Yet the increase in prices due to consumer inflation makes it difficult for many families to notice an increase in pay. And with more money in pockets, demand is outpacing supply.
“With more people with money buying product and less product to buy, what happens?” Biden asked in Baltimore. “Prices go up.”
White House officials say Biden can hardly avoid talking about inflation and gas prices, given the centrality of those issues to Americans’ lives. Even while he traveled abroad last week, Biden put supply chain issues and energy prices at the center of his talks with foreign leaders.
Short-term political pain may overshadow long-term gains
Yet any moves Biden makes to alleviate shipping backlogs or lower prices is likely to take time to have a real effect. And in the meantime, he is suffering the political fallout.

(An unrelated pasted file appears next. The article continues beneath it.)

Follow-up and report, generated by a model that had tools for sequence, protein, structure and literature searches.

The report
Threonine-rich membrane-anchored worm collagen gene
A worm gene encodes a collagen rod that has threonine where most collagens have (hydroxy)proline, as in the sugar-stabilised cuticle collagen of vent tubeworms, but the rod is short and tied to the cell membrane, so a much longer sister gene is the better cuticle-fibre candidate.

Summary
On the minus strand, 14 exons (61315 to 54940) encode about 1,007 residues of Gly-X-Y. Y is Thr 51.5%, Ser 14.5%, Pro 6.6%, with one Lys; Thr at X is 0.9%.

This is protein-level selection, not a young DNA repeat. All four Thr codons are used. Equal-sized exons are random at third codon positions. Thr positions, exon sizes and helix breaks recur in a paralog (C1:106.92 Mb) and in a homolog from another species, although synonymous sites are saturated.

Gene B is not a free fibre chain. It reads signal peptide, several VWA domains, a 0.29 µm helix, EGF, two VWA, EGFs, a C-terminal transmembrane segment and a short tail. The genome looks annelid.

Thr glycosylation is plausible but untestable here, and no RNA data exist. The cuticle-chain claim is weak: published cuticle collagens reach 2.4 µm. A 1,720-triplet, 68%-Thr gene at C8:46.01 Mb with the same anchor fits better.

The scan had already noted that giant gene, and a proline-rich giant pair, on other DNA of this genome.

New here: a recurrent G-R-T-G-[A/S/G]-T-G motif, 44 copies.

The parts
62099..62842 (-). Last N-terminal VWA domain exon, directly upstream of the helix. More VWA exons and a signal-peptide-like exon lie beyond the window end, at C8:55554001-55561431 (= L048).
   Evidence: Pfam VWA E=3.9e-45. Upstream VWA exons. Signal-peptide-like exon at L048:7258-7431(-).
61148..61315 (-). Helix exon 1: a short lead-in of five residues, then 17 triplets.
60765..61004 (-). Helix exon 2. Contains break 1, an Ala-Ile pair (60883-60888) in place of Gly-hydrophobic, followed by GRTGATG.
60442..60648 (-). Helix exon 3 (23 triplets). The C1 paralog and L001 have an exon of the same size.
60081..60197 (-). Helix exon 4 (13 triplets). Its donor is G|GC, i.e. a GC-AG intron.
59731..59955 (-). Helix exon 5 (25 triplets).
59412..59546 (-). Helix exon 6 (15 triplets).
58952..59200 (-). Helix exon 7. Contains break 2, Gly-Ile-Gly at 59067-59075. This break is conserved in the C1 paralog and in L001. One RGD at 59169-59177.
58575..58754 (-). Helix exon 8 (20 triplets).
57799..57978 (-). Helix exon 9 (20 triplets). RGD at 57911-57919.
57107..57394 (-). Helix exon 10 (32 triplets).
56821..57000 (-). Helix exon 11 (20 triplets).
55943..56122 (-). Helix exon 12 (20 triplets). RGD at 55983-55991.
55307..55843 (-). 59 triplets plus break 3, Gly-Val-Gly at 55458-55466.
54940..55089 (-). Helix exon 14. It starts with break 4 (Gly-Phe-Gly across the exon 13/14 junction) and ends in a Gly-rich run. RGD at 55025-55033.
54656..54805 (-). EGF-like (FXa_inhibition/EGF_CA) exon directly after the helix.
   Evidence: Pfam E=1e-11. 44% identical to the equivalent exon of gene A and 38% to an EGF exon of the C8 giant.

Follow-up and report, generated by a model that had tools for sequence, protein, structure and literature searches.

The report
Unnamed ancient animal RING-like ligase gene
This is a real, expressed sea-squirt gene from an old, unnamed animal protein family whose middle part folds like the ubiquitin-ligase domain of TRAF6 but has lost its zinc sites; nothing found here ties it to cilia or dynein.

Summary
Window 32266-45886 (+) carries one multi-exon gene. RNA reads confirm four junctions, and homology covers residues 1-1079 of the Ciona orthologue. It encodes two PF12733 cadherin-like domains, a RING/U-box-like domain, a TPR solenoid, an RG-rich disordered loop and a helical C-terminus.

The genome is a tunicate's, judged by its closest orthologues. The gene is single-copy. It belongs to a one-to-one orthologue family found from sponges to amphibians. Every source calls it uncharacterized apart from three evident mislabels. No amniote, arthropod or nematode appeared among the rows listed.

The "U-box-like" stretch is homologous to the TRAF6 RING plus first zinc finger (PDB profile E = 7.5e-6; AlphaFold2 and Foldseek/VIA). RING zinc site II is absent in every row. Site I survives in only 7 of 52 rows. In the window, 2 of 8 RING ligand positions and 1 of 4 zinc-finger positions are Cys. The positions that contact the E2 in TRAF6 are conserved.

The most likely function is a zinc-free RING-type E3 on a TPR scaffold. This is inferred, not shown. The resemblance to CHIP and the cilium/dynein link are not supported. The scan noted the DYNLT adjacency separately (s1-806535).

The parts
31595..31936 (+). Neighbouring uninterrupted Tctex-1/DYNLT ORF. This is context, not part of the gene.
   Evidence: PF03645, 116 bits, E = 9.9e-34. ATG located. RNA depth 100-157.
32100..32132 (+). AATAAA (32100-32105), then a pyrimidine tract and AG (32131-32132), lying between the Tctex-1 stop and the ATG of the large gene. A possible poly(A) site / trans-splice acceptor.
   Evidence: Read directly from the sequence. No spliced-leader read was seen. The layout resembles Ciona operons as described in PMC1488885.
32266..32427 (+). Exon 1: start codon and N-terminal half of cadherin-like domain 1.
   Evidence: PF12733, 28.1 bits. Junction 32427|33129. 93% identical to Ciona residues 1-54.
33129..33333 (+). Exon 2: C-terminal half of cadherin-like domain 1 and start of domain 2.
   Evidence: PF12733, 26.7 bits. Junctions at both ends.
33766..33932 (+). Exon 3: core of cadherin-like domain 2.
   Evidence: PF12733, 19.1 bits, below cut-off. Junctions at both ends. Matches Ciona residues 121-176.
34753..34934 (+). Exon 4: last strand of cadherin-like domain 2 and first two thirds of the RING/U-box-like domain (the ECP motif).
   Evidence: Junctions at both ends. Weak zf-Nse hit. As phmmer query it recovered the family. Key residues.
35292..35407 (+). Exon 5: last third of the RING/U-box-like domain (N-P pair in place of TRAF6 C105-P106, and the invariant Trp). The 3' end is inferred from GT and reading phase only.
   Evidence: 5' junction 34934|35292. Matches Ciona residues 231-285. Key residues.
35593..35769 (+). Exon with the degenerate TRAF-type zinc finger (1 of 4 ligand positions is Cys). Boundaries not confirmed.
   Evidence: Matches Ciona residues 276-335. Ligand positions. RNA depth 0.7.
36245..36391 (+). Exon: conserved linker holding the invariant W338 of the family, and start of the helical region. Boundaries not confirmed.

In a CNN poll conducted by SSRS released this week, 58% of Americans said Biden hasn’t paid enough attention to the nation’s most important problems. More than a third of Americans called the economy the most pressing problem facing the country (36%).
“I have no beef with voters, pardon the pun, who say, ‘Look, the recovery is making progress but not far enough along for me yet,’ ” White House chief of staff Ron Klain said Wednesday on CNN’s “The Lead with Jake Tapper.”
“That’s why we aren’t stopping work now. That’s why we’re working hard to move the recovery forward.”
“We’ve made progress on the jobs recovery,” Klain added. “We now need to tackle inflation, supply chains, making sure there are workers available for the jobs that haven’t yet been filled.”
Since the summer, Biden’s aides have been attuned to polling data showing Americans’ concerns over rising prices. The numbers showed older voters, in particular, increasingly worried about higher costs for goods.